MIDWAY stars Judah Ben-Hur; Juror 8; Pat Garrett; Deep Throat; Sanjuro Kuwabatake; Max Cady; Joe Cantwell; Prince Valiant; Juror 12; President Harry S. Truman; Det. Joe Kojaku: Det. Bobby Crocker; Nelse McLeod; another Pat Garrett; Jeff Trent; Mr. Miyagi; Emperor Hirohito; Franklin Hart, Jr.; Officer Frank Poncherello; Magnum, PI; Professor Hikita; ‘Painless’ Kumagai: Capt. ‘Painless’ Waldowski; and the voice of Colossus.

If  war is a continuation of politics by other means, war movies seem to be just a continuation of themselves, of one another, of Henry Fonda’s retirement plan.

Jeez, the miniatures department are really lying down on the job.

16 Responses to “Bulging”

  1. Saw a trailer for the new Midway, which looks preposterous, though I daresay I shall watch it at some point as I too am a sucker for Big Battle Movies. Also looked to me (like Michael Bay’s Pearl Harbour) to be a cigarette-free zone, which is ALL WRONG for WW2. My dad (who rarely talked about the war) said that everyone smoked, all the time, if only to try and stay awake. If you nodded off at the wheel in a convoy of jeeps, for example, it would trigger a chain reaction pile-up.

  2. The original Midway also has something I doubt the new one will reproduce: constant cries of “Jap bastard!” during the dogfights. Now, I’m not keen on racial epithets. But this, too, must have been omnipresent at the time, and the answer to how a war movie can contain the complexity of heroes who constantly evince racism must surely be… Don’t make dumb entertainments out of war. If your film is respectful of the truth, you can show this. If it’s just a big super-Panavision pageant, you’re doing it wrong.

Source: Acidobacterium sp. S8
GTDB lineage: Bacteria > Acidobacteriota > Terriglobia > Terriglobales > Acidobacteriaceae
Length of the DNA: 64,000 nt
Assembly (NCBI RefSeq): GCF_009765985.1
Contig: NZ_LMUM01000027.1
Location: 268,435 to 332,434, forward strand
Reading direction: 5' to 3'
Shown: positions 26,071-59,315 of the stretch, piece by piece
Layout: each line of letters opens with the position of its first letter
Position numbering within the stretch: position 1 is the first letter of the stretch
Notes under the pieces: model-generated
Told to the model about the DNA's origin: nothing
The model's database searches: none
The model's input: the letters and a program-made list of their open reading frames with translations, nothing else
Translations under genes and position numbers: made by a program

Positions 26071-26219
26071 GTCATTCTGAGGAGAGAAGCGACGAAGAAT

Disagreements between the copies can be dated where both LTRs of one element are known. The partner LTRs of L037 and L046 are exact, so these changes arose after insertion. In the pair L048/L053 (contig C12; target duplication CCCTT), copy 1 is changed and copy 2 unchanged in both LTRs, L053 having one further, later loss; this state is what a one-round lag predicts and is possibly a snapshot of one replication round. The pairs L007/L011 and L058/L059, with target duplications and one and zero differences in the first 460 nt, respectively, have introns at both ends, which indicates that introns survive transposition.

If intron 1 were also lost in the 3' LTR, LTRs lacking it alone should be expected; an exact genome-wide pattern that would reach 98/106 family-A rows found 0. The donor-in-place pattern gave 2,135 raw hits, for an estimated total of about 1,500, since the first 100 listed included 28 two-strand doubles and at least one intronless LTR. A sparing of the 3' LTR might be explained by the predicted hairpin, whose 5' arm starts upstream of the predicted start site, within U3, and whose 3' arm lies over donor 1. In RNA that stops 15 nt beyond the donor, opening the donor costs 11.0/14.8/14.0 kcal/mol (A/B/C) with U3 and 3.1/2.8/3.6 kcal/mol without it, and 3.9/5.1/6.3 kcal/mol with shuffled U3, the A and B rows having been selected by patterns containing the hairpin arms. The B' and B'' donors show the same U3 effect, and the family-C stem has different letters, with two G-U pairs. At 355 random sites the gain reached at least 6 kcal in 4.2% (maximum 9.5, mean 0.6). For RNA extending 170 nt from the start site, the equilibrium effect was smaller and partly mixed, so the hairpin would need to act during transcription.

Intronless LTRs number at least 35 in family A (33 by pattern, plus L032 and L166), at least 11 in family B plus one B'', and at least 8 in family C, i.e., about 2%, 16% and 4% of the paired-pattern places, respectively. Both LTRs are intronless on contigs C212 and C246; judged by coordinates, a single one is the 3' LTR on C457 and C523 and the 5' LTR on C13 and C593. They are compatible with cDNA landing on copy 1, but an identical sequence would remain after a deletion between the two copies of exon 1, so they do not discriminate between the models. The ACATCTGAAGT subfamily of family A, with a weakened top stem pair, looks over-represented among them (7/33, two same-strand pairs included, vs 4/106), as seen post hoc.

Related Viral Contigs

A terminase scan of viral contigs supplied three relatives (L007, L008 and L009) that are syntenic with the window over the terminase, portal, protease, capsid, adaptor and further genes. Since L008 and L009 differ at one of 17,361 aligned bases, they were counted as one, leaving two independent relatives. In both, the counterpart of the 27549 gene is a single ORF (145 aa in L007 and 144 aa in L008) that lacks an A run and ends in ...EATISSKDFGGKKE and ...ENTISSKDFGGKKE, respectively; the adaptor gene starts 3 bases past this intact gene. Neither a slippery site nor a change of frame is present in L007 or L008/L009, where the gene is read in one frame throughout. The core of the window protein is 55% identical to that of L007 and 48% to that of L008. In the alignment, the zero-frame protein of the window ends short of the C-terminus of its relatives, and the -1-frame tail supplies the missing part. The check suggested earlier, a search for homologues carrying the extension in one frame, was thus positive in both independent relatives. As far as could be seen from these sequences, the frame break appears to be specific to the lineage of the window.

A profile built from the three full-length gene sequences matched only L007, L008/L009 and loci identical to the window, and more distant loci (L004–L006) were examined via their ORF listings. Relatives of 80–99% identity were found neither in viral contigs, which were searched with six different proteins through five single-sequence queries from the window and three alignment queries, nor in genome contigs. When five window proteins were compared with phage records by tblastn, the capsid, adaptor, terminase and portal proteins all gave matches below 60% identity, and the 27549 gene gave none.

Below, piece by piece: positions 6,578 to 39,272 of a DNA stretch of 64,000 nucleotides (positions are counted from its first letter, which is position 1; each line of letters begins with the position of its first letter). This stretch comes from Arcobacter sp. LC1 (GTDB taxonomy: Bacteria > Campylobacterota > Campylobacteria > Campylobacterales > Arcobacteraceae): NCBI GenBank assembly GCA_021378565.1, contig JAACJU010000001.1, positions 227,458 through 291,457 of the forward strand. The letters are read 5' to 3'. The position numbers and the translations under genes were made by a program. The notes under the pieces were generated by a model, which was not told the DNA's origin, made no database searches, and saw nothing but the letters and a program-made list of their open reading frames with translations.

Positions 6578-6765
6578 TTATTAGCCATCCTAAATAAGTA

I’m also really struck by how these movies manage to take really entertaining actors like Savalas or Mitchum or Coburn and render them completely without interest.

    So I don’t know if I AM a sucker for them, somehow I keep watching them though. And I still have 633 Squadron staring at me from the shelving. At least that one has an uplifting theme tune (John Williams on Midway has clearly not discovered his thing yet).

  3. Forgive me for asking (I’ve been lost in the huge amount of WWII films and even TV shows), but is this the film where it seems like the tank battles go on endlessly? I kept getting Harry Cohn Butt throughout those scenes.

    I took that intertitle you show as a sort of package warning.

  4. Yeah, the tank battles are on the long side. I don’t know if this is THE film where that’s the case, I suppose there could be another with even longer battles, but if so, they’re still shooting it.

  5. Yeah, it’s the one where I made the crack to you about the film being Annakin playing with tanks. I just had to Google some stills and it all came back to me.

  6. I also re-watched BOTB recently – well, within the last six months – and was surprised at how bad it was. Considering it’s supposed to be an ‘epic’, the focus on a handful of boring characters completely undermines the film’s ‘big picture’ aspirations.